Its minimum focus distance of 30 cm at the wide angle and 45 cm at the telephoto lens is a bit long for close-up subjects and does not give such versatility to the lens. As for its slippery opening, it is a handicap. Not because it is not constant throughout the field, but more because it is never very bright. f/3.5 at wide-angle and f/5.6 at telephoto does not leave much freedom to create nice bokeh effects and requires to rise in sensitivity as soon as the light is not intense.
Note that vignetting is relatively present at all focal lengths and is particularly evident when a point source is in the background. We can see clearly from our laboratory tests the truncated circles in the corners. An onion-ring phenomenon is also clearly visible.
On the other hand, distortion is very well controlled. It is very slightly present with a wide-angle barrel manifestation and then disappears completely.
It is difficult to judge the effectiveness of the stabilization since it is not possible to disable it on the lens and the A7 III with which we conducted our field tests also has a sensor stabilization system. This criterion is therefore not decisive in choosing a lens for this range of devices.
As for the auto-focus, without being hyper-fast, it gave us rather satisfaction, until it became very noisy. Our test lens obviously encountered a technical problem that does not allow us to judge its quality, but perhaps rather the reliability of the lens. This is unfortunately the fears that we still have with these entry-level lenses: that the manufacture is not homogeneous from one product to another and that it happens to come across a defective model, which seems to be the case with the auto-focus engine of our goal.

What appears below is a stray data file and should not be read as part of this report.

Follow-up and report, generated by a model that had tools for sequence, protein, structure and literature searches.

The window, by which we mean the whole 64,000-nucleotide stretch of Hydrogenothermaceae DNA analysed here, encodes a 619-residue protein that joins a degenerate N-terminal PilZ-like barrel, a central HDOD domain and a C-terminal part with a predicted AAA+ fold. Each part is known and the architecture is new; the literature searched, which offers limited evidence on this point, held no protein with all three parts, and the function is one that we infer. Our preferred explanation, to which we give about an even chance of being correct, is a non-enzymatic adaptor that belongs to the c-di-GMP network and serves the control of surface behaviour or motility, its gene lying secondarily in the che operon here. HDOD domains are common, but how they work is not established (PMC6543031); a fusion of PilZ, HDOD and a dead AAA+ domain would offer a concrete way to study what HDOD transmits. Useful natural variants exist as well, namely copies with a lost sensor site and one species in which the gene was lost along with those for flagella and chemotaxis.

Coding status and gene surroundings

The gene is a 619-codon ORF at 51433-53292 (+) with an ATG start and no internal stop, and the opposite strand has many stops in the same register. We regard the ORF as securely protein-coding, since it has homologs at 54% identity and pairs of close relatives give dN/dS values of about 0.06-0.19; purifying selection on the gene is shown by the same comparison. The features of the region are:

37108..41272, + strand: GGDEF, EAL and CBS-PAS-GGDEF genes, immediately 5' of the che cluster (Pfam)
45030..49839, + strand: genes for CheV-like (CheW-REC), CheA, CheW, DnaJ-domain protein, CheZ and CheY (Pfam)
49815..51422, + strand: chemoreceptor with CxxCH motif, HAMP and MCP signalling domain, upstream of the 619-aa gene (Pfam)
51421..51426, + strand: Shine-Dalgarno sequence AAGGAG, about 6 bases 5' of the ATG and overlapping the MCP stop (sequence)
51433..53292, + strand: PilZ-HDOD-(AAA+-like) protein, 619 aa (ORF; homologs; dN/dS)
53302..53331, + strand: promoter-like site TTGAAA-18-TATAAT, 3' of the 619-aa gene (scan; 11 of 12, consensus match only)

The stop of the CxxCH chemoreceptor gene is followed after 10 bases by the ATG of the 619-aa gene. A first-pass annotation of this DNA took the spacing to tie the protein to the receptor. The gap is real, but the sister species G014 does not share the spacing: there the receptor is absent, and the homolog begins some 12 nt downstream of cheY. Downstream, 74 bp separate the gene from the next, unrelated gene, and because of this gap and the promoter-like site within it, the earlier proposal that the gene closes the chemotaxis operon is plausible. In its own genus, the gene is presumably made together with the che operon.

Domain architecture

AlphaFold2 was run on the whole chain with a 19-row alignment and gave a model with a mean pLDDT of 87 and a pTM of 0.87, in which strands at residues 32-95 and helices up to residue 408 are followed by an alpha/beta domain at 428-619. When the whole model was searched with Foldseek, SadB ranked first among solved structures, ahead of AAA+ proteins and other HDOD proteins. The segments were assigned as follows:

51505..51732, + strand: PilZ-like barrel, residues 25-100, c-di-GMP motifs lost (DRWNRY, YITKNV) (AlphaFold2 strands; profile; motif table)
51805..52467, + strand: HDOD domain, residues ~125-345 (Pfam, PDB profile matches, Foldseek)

The notion of pique is quite delicate to deal with. This is what can be equated to the “sensation of sharpness” or the “accuracy” observed on an image. It can be very different from one lens to another, from one focal point to another and from one aperture to another. It can also vary between the center and edges of the image.
We tested the lens in the lab with a Sony A7R II, 24 x 36 mm sensor of 42 Mpx. The A7R II has a definition of 7952 x 5304 px. Each pixel thus measures 4.54 µm sideways. The results were exploited using the Imatest software — you will have already noted that the field tests were carried out with a Sony A7R III.
The resolution of the lens is quite suitable in the center of the image at 28, 35 and 50 mm focal lengths with virtually constant results from the full aperture. But things spoil at 70 mm and you have to close the diaphragm at f/11 to start having satisfactory results.
At this focal point, the lens is rather homogeneous in its mediocrity, but at weaker focal points, there is a very clear withdrawal of the edges of the image at virtually all openings. The resolution practically does not increase, and the fine details of the image are never correctly rendered.
These results measured with Imatest are confirmed by the photos of our test scene. The details chosen on the edges of the image are poorly transcribed. We can also see traces of very unsightly chromatic aberrations, also visible on our field photos.
• Good grip.
• Dim light.
• Lack of homogeneity.
• Traces of chromatic aberrations.
• Vignetting marked.
If it allows Sony to offer low-cost kits, the FE 28-70 mm f/3.5-5.6 OSS is a lens that really does not do justice to the quality of the cases. Its optical qualities are very poor at the edges of the image, its focal range a little weak and its maximum aperture slippery dim. If you want to enjoy your case, prefer another kit zoom such as the FE 24-105 mm f/4 G OSS or opt for a bare case purchase by adding a bright fixed focus such as the FE 50 mm f/1.8.